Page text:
Verb raising in American Sign Language

Autor/a: MATSUOKA, Kazumi
Año: 1997
Editorial: Lingua. Vol. 103, nº 2-3 (November, 1997) pp. 127-149
Tipo de código: Copyright
Soporte: Digital


Lingüística » Lingüística de otras Lenguas de Signos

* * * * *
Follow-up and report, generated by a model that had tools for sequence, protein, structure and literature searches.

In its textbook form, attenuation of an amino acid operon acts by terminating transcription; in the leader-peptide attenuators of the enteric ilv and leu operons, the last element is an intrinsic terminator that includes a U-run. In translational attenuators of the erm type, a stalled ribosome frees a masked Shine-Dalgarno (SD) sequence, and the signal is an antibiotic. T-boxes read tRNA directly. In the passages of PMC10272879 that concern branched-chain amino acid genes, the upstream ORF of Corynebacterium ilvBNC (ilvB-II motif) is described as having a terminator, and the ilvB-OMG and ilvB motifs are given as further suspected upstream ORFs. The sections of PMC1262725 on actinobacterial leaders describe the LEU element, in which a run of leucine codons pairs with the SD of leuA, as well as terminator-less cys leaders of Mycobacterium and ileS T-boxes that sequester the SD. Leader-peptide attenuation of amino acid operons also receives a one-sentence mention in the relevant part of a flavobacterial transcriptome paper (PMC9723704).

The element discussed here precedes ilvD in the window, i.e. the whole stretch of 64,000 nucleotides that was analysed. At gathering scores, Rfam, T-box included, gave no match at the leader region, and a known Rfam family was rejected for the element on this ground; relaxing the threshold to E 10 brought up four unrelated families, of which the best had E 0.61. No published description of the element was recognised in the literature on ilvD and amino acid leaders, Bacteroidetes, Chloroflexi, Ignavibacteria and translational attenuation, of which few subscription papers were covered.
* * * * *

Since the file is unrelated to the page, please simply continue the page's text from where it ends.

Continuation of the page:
I propose a unified account for these three ASL constructions and consider its theoretical implications for the theory of verbal morphology. I extend the idea of the Movement Analy- sis of Verb Sandwich, proposed in Fischer and Janis (1992). Based on the Minimalist approach proposed in Chomsky (1995), I argue that the derivations of all three sentence pat- terns involve overt verb raising to Infl. The verb movement to Infl occurs to save the other- wise stranded [asp] affix, even though the verb itself does not have motivation to raise overtly. Hence, this verb raising is a syntactic operation driven by Enlightened Self Interest (Lasnik, 1995a,b). In our discussion, it is shown that Chomsky's (1995) Checking Theory faces empirical problems in accounting for the ASL phenomena in question. I will present an alternative analysis, which is crucially based on a proposal of Lasnik (1995c) that regular verbs are selected from the lexicon uninflected. The Object Raising is analyzed as an instance of Holmberg's generalization (Branigan, 1992), which states that overt object shift is possible only when the verb is overtly raised out of VP.